16. poor Obama can’t get all of his jobs bills through Congress.

    Jobs bills? Is he going to hire people, at Davis-Bacon wages, to pick up cans along the highway? Build a modern day fleet of Liberty Ships? Or maybe just drop all pretense and put millions to work erecting stone monuments to the Empathizer-in-Chief.

  17. What this country needs is more Progressive propaganda.

    Our textbook reports both sides of the argument in full, but we present the progressive argument as more persuasive. What is necessary is to stimulate the economy, change institutions to provide more equality — through more progressive taxation, a higher minimum wage and support for unions, for example — and also change institutions to provide more stability in the economy: by making major government investments in infrastructure, say, and generally providing greater job security.

    More concretely, we argue that some sectors of the economy are especially crucial to maintaining both economic equality and employment stability. These are sectors neglected by private enterprise or ones in which businesses make unnecessarily high profits that reduce equality without compensating benefits to the rest of us. The clearest example is health care, which provides no better care than other industrialized countries, but costs at least twice as much per person. What is needed is universal public health care at low cost, which will, for example, create more jobs in elder care like home nursing.

    1. That article is based on a complete lie. I took macroeconomics courses in college and a lot of them take Keynesian arguments for granted.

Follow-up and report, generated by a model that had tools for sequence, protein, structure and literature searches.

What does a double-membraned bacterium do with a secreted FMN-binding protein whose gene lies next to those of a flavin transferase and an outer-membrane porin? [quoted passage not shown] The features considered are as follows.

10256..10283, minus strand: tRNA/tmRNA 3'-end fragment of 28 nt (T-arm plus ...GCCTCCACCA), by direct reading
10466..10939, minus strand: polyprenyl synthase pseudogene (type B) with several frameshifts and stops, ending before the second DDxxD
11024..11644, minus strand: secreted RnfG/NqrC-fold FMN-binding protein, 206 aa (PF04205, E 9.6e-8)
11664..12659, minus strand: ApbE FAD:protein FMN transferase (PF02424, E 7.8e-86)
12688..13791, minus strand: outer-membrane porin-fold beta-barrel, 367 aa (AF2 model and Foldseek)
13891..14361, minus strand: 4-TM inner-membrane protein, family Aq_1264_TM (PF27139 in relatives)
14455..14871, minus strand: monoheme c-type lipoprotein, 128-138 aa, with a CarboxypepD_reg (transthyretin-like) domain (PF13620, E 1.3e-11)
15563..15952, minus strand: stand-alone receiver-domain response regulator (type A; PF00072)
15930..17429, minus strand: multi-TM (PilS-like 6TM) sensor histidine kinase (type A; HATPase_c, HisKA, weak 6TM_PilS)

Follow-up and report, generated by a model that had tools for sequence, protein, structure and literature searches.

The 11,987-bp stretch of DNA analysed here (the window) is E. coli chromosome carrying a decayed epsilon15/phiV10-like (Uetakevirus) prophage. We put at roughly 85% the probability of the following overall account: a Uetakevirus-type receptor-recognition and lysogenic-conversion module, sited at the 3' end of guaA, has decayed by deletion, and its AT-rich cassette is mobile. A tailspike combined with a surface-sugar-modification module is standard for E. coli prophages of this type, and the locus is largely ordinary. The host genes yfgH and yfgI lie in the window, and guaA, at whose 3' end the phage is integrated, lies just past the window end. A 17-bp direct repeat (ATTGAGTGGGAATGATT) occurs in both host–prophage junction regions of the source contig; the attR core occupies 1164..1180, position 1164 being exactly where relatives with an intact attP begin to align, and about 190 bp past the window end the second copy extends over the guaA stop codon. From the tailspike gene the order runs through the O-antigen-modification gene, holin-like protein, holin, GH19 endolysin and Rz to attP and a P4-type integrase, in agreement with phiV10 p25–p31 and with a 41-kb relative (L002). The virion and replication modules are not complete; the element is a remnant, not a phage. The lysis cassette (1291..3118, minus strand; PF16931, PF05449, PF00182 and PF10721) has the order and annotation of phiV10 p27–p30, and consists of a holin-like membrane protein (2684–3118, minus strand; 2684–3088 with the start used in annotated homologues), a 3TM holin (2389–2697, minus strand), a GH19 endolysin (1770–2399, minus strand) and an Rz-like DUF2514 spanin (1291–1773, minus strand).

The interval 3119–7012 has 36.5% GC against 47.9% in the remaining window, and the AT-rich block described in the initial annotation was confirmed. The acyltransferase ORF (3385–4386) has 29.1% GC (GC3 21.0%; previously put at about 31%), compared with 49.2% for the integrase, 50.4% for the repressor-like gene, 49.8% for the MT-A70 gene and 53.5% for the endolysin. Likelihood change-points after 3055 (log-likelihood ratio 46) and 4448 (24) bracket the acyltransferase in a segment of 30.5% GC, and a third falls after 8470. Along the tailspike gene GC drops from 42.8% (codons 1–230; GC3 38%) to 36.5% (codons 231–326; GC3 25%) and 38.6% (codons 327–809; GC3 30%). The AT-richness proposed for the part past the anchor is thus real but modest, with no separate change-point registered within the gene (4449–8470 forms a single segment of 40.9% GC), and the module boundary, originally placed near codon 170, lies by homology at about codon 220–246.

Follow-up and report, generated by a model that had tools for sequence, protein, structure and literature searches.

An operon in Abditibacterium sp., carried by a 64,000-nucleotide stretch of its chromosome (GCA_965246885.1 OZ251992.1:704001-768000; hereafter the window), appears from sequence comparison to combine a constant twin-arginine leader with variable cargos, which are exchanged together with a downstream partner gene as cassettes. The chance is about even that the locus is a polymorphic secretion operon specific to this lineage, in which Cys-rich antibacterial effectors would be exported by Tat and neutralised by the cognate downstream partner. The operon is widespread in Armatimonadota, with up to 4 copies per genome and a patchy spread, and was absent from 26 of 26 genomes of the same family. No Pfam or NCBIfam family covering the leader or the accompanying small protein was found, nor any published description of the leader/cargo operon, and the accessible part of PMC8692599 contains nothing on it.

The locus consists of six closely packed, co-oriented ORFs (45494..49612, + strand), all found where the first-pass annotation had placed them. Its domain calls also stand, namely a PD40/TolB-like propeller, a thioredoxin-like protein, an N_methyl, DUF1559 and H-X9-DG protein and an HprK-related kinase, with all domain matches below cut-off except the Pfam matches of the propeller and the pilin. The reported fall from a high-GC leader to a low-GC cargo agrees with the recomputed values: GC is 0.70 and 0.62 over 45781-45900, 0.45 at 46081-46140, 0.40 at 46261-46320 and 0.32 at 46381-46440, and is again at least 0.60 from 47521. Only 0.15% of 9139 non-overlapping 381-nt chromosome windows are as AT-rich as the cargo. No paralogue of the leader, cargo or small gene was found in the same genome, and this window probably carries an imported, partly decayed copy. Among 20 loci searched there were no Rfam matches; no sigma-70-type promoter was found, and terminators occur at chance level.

What this person is arguing is that we should reject the current Keynesian establishment in macroeconomics and create a new establishment that is explicitly socialist.

    2. This socialist advocacy is sponsored by PBS. Not one dime to spare in the federal budget, I tells ya!

    3. but costs at least twice as much per person

      Medical care in Mexico is some of the cheapest in the world and of comparable quality to the US and Europe.

  18. A second area that demands extensive public investment to create jobs, as the March on Washington urged a half century ago, is higher education. Why not free education at public universities, paid for by higher taxes on the increasingly well-off? Education investment has the highest return to the public of any sector. If education is free to students and paid for by progressive taxation, it will shift income from rich corporations and individuals to people who will, eventually, have more skills to sell in the global economy, again increasing employment, spending and aggregate demand.

    College professors who want to steal from the rich, and keep it.

    THIS IS WHY WE NEED PBS.

    1. “Why not free education at public universities, paid for by higher taxes on the increasingly well-off?”